Thanks for the information. No other recordings were made once this was noticed, which is why I was confident with finding the data with recovery tools. Unfortunately I've had no luck with my XFS filesystem. Looks as though they recovered files that weren't even deleted for some reason, as well as some that were. But not the one I need.btidey wrote:I can't directly help with your immediate problem here but let me explain what may have happened and what I have done to maybe help in future.GammaScorpii wrote:I have a huge problem perhaps somebody out there can help me with. I've been using this great software to shoot lots of video clips and I have just lost a video file for some mysterious reason. The thumbnail jpg is still there in /var/media but the corresponding mp4/h264 file is nowhere to be found.
According to somebody who was watching the file grow as it was being shot, it disappeared most likely during the mp4 conversion process and never came back.
Any idea on what to do to recover it? It's an extremely important piece of footage and I'm worried now that I have tried using PhotoRec to recover any deleted files and haven't had any luck. PhotoRec did save the unknown data to a huge dd image but I have no idea on how to examine that.
My /var/media folder is an xfs partition if that helps.
Any advice on what to do next would be hugely appreciated and worth a credit on the film we're trying to make
Videos are first recorded to h264 format. When this completes a boxing command is queued up to convert to mp4 format and remove the original h264 file. The command is actually a MP4Box cmd followed by a rm command. The MP4Box cmd is very reliable, but if a problem occurred then the rm command would still execute removing the original h264 file.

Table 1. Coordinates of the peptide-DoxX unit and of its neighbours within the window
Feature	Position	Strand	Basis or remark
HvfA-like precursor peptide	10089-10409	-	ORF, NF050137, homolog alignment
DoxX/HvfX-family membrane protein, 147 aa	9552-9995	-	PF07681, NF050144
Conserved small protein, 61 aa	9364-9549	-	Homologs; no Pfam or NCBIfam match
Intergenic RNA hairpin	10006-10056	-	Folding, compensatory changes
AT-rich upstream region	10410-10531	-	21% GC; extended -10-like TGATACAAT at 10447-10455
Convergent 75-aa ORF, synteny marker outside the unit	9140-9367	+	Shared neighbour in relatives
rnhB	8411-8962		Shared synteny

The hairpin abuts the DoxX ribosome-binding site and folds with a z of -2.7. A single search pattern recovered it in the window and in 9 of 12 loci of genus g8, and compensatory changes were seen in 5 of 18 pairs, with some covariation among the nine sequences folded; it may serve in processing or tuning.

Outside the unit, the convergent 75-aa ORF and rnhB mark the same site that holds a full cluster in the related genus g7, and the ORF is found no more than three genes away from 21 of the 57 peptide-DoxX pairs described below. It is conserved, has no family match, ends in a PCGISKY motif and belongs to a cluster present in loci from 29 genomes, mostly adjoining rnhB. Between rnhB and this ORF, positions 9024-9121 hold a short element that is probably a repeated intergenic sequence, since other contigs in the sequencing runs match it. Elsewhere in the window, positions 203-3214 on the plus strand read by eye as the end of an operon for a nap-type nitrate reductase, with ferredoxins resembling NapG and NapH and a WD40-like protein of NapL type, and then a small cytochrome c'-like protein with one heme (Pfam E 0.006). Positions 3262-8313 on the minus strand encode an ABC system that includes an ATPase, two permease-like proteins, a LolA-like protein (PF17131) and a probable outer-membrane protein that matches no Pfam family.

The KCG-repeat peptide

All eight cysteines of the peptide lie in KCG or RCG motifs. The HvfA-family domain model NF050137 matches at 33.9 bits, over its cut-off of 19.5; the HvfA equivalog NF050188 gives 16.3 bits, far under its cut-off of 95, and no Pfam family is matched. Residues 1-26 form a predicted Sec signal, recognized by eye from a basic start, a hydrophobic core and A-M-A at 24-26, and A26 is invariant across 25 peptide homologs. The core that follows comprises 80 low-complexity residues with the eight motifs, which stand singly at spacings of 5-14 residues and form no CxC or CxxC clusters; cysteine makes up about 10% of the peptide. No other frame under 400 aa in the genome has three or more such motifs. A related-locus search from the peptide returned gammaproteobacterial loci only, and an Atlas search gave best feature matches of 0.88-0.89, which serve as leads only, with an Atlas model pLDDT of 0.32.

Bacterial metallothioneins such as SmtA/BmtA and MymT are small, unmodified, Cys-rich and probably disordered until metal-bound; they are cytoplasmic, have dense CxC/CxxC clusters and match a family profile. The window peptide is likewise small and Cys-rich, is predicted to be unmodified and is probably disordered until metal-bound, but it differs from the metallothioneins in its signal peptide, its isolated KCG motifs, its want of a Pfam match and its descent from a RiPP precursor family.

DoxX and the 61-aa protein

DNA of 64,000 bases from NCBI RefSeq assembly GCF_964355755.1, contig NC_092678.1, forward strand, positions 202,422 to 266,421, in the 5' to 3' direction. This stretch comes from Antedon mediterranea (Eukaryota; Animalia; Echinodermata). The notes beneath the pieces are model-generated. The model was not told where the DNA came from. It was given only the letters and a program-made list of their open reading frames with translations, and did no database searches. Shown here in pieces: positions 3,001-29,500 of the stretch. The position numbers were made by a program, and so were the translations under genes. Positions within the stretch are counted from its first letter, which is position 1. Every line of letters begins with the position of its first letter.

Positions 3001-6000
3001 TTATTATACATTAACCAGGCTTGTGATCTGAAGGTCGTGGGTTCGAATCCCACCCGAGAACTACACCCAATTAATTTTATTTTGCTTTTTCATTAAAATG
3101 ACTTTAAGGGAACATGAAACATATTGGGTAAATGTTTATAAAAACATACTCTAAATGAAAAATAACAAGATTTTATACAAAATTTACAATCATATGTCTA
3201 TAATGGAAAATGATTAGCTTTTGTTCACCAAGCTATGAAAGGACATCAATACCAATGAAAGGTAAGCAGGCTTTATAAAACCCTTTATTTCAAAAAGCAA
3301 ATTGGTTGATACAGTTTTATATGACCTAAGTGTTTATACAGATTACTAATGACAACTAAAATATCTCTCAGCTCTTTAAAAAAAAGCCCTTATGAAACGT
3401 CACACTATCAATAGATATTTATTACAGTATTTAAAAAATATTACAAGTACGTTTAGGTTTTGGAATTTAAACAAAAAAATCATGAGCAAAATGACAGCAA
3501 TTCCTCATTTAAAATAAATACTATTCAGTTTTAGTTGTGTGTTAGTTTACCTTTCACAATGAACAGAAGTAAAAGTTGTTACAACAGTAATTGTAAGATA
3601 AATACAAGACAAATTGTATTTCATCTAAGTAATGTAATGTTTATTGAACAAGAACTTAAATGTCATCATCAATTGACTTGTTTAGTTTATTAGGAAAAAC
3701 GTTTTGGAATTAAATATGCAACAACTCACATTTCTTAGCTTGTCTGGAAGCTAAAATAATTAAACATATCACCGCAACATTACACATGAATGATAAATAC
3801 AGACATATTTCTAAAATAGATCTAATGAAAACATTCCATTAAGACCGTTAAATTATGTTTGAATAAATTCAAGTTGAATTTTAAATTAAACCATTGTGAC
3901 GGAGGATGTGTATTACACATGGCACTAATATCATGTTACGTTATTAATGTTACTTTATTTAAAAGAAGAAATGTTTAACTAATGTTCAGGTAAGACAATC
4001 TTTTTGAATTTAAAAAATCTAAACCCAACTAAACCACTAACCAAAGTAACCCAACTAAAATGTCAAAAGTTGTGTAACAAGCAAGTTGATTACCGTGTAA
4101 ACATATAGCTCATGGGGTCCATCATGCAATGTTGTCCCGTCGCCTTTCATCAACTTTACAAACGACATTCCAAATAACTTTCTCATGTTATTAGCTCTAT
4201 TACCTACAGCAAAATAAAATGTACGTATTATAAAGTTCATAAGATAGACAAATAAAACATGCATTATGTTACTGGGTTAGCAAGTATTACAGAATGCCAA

To improve this I have made 2 enhancements in the latest version.
First the command line that is used for Boxing is now a configurable item in the /etc/raspimjpeg file so its behaviour may be changed.
Second I have added an extra step in this command line so that if the MP4Box process throws an error then the rest of the command line is NOT executed. This would mean that if this occurs again then the original h264 file will be left intact in the media folder.
That of course doesn't help with your immediate problem. The chance of recovering the video data from your unknown blob will depend on how quickly this was picked up. After the original file was 'rm' then the filing space becomes available for re-use. If there were a large number of recordings made after then the chance of the 'unused space' being overwritten becomes higher.
Do the temporary files ( *.mp4.h264 ) get saved to the same location?